Monday, September 08, 2008

A conversation with a former Boston movement member

Yesterday, we had lunch with a family from High Pointe who was converted to Christ by members in the Boston Movement. The Boston Movement, now called the International Churches of Christ was a discipleship movement in churches of Christ that arose twenty years ago or so. In its best moments, it challenged Christians to a devoted life to Christ and a commitment to evangelism. At its worst moments, it was controlling, highly manipulative, and cultlike. My friend at lunch said that we ought to keep the former, and avoid the latter.

Most every moment like this starts because something is missing in the church. While the Boston movement may have gone astray, it was seeking to correct a real problem in the church--complacency and a luke warm faith. Discipleship should not be controlling and hierarchical--it should be mutual and relational. However, many Christians have no people in their lives with whom they seek to grow in their faith, and most Christians are not seeking to share their faith. The result is a shallow Christian experience that reaches no one. This must change, both for our sake and the world's.

Have you had any experience with the Boston movement?


Anonymous said...

I went to school with one of the founding members of the Boston Movement. He was very intelligent, and extremely focused. This was in the early 1970's.

Anonymous said...

I spent over 20 years as an ICOC member (i.e. "Boston movement") and am now a member of a local Church of Christ. I would still be in the ICOC had it not disintegrated in our city in 2005.

Your characterization of the ICOC, as I knew it, is dead on - fantastic level of committment, amazingly evangelistic, but controlling and manipulative. Today's ICOC has changed in many ways and still has many things to change, but is a far cry from what it used to be.

What did the ICOC do for me? The disciples studied the Bible with me so that I could become a Christian. By God's grace I then helped baptize scores of others (some of which were individuals I had personally met and baptized, while others were met by friends of mine). I was never in the full-time ministry and never desired to be. I had a full-time job, family responsibilites, marriage, etc. I met and married my wife of 23 years through the Church. We adopted our daughter from China through the ICOC's adoption agency. I could go on and on about the positives.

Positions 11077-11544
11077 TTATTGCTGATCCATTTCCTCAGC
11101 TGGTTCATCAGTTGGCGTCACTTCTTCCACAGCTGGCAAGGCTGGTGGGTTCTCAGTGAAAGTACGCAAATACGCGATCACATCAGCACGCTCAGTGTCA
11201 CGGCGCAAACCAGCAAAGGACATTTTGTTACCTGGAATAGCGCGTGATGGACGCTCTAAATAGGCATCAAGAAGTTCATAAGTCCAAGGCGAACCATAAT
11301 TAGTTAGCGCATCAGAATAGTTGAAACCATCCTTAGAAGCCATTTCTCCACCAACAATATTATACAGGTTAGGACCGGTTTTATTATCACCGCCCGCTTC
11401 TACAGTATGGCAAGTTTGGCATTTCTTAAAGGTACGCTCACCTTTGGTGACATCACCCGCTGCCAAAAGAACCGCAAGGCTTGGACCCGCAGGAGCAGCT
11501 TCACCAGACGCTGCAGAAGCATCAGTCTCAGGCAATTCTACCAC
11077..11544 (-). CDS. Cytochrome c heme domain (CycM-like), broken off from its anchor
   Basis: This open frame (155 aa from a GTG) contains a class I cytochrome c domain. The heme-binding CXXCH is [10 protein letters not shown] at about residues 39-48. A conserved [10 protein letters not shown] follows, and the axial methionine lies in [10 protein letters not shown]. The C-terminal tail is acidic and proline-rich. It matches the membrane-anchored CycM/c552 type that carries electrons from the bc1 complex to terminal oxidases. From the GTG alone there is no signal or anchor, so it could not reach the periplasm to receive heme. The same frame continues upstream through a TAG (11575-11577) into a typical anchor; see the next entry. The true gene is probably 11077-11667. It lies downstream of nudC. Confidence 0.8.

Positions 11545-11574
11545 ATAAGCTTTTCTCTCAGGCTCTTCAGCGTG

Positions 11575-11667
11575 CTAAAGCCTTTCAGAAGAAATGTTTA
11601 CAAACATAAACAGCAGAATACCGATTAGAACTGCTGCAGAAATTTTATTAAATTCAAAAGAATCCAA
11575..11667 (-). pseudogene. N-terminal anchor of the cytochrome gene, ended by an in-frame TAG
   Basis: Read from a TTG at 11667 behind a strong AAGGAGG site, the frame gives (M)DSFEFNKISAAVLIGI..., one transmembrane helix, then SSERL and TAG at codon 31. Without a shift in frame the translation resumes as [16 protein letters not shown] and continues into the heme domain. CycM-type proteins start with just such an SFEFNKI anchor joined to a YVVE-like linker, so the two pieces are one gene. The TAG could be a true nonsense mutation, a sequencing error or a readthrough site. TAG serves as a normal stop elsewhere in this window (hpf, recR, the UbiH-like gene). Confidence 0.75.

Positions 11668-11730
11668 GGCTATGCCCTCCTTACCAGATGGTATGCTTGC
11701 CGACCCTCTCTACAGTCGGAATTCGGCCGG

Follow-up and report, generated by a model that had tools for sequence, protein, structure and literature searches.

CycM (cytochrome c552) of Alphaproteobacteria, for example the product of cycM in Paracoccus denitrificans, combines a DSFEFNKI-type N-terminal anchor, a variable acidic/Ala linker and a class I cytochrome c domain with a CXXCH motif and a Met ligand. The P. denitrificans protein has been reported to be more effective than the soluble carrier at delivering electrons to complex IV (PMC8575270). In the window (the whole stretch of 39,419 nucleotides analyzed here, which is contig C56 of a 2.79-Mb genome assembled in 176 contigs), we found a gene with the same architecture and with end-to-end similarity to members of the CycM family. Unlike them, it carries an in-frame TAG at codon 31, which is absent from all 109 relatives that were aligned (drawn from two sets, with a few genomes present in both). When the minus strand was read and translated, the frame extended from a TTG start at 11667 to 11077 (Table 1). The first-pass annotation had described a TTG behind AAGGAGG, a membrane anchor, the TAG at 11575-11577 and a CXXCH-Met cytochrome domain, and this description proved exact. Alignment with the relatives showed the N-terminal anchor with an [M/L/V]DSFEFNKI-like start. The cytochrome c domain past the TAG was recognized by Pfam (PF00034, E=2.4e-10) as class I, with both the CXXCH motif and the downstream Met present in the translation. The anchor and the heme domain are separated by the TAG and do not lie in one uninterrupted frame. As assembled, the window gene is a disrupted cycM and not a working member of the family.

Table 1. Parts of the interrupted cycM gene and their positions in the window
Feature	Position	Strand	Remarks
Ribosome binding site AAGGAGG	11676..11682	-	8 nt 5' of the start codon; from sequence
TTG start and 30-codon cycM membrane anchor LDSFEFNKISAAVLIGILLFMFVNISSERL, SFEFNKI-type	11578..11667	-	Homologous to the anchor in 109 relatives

In terms of the negatives, I know I was hurt in some ways spiritually, and in turn hurt others in those ways. In a sense I'm still recovering from some of the wounds, primarily doing things out of a heart for God rather than for any other reason. If I had it all to do over again, would I do it? In a heartbeat!!! -though as James' friend said, I would keep the ICOC's strenghs and discard the weaknesses.

For those interested in the history of the ICOC (including warts and repentance), there is a great book by Thomas Jones entitled "In Search of a City". I just finished reading it and it is spot on about the negatives and positives. It also describes some of the efforts to reconnect with our Church of Christ heritage.

Just my 2 cents.


James said...


Thank you for sharing your experience. It is interesting that you would go through the experience again. In sounds like in your mind, your coming to faith was worth the rest. As Paul said, Christ is often preached for wrong reasons, but thank God he is preached.

Anonymous said...


Coming to Christ was definitely worth it all. That same rationale can be used for my marriage and my kids. They've all been challenging at times (and I have returned the favor, unfortunately), but would I marry the same woman and have the same kids again! In a heartbeat because they are SO worth it....

I believe I am on the journey that God would have me experience - difficult times and all. Though at times I wish his will for me was different, I can't and won't argue with his plan for me. I'm excited about the future and what God still has in store for me!